The cost of controlling air emissions generated by FCCUs

With the trend towards processing heavy and sour feed stock and the strengthening of environmental regulations, refiners are looking for cost effective ways to control air emissions generated by fluidised catalytic cracking units (FCCUs).

Kevin R Gilman, Hugues B Vincent and Thomas F Walker
Belco Technologies Corporation (Now BELCO Clean Air Technologies)

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Article Summary

This paper reviews the environmental technologies available today to control SOx and particulate of FCCU stack emissions, including deSOx additives, electrostatic precipitators, wet scrubbing, hydrotreating, etc. Also provided is an analysis of the cost of controlling SOx emissions, for various feedstock scenarios, which can be used as a planning guide for operators of FCCU.


In most refineries, the FCCU represents the greatest single air emission source. The FCCU regenerator flue gas contains significant quantities of catalyst fines and sulphur dioxide. The quantity of sulphur dioxide emitted by the FCCU regenerator depends primarily on the sulphur content of the feedstock. Shifting to a more economical, higher sulphur feed would improve the refining margin at the expense of increased sulphur recovery and FCCU regenerator stack emissions. With the trend towards processing heavy and sour feedstock and the strengthening of environmental regulations, refiners are looking for cost effective ways to control and lower air emissions generated by FCCUs.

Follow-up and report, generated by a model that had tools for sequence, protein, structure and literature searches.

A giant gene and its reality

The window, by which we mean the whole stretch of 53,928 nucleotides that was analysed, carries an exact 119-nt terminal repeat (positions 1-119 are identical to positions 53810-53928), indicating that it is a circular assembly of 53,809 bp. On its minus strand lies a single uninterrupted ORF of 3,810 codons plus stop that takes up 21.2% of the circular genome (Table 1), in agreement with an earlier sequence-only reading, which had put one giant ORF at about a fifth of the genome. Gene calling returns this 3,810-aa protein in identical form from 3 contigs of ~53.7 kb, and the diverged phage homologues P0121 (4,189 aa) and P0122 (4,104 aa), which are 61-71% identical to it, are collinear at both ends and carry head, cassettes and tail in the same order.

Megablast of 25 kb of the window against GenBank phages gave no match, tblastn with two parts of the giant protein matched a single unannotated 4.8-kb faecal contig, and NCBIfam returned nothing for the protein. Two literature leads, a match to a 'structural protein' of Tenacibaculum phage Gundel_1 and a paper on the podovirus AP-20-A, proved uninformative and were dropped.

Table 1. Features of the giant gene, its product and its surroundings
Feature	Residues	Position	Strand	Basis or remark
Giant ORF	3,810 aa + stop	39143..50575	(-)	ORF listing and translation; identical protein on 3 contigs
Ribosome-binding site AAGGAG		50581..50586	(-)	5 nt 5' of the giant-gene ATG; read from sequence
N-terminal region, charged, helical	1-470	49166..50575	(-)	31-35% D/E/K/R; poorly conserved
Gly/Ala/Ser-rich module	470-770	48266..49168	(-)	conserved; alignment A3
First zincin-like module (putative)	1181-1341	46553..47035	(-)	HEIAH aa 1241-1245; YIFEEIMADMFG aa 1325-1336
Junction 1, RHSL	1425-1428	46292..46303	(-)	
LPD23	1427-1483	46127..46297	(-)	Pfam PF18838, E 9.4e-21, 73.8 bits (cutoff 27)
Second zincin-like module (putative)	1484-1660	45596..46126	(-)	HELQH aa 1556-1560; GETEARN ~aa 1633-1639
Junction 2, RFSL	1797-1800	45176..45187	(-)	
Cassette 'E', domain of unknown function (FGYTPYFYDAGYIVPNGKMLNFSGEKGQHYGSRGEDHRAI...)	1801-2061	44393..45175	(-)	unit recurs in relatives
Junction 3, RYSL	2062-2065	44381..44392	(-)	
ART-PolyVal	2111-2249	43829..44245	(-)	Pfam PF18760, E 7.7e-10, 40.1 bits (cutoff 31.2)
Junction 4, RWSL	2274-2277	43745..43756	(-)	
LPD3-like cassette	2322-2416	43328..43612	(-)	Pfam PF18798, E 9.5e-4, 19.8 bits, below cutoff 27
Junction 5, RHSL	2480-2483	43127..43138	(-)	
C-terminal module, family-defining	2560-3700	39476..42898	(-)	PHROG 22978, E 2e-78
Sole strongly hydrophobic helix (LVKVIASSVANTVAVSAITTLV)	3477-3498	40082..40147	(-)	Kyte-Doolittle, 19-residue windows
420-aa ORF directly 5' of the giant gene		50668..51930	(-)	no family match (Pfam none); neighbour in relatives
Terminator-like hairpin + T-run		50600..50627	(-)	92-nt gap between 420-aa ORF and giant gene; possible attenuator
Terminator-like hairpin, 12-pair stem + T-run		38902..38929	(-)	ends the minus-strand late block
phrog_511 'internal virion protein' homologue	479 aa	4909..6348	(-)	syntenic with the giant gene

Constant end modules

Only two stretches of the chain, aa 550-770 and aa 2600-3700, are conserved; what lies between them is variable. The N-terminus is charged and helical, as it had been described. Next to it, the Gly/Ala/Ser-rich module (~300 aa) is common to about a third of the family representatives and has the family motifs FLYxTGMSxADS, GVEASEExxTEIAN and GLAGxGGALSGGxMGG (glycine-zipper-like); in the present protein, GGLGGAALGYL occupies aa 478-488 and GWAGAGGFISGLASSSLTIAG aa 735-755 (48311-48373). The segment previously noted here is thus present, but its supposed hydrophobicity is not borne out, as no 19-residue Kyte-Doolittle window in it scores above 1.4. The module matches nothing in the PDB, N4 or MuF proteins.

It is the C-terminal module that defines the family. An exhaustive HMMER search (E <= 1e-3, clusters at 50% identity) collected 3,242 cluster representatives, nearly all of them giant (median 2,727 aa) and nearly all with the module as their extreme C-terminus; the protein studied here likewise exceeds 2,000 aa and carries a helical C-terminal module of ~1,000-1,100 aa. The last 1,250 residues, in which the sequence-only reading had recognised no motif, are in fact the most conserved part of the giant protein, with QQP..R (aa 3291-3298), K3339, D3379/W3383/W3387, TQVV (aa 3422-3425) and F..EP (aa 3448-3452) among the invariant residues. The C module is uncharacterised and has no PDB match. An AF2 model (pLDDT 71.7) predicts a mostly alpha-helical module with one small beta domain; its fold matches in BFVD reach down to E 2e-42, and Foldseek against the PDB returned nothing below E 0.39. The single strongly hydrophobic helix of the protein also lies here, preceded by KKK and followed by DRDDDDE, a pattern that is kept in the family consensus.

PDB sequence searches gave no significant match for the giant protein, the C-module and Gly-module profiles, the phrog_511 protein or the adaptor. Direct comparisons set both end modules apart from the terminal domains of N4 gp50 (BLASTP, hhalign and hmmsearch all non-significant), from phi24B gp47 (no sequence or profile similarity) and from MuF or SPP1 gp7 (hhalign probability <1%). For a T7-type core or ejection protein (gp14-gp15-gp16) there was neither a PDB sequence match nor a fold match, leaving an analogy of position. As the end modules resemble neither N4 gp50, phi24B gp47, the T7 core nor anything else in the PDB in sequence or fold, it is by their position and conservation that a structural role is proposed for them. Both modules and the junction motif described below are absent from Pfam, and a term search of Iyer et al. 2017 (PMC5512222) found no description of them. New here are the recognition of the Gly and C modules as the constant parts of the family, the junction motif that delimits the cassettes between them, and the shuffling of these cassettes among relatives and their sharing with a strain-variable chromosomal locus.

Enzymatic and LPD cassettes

In the US, the 1989 New Source Performance Standard (NSPS) for FCCU currently sets national standards for emissions of particulate matter (PM) and sulphur in the oxidised form (SOx = SO2 and SO3) (See Appendix 1). Furthermore, the Maximum Available Control Technology (MACT) rules proposed by EPA may virtually eliminate grandfathered permits and force those refiners to reduce drastically particulate emissions. To a large extent, some US refiners are already controlling particulate emissions through the use of cyclones, electrostatic precipitators or wet scrubbers.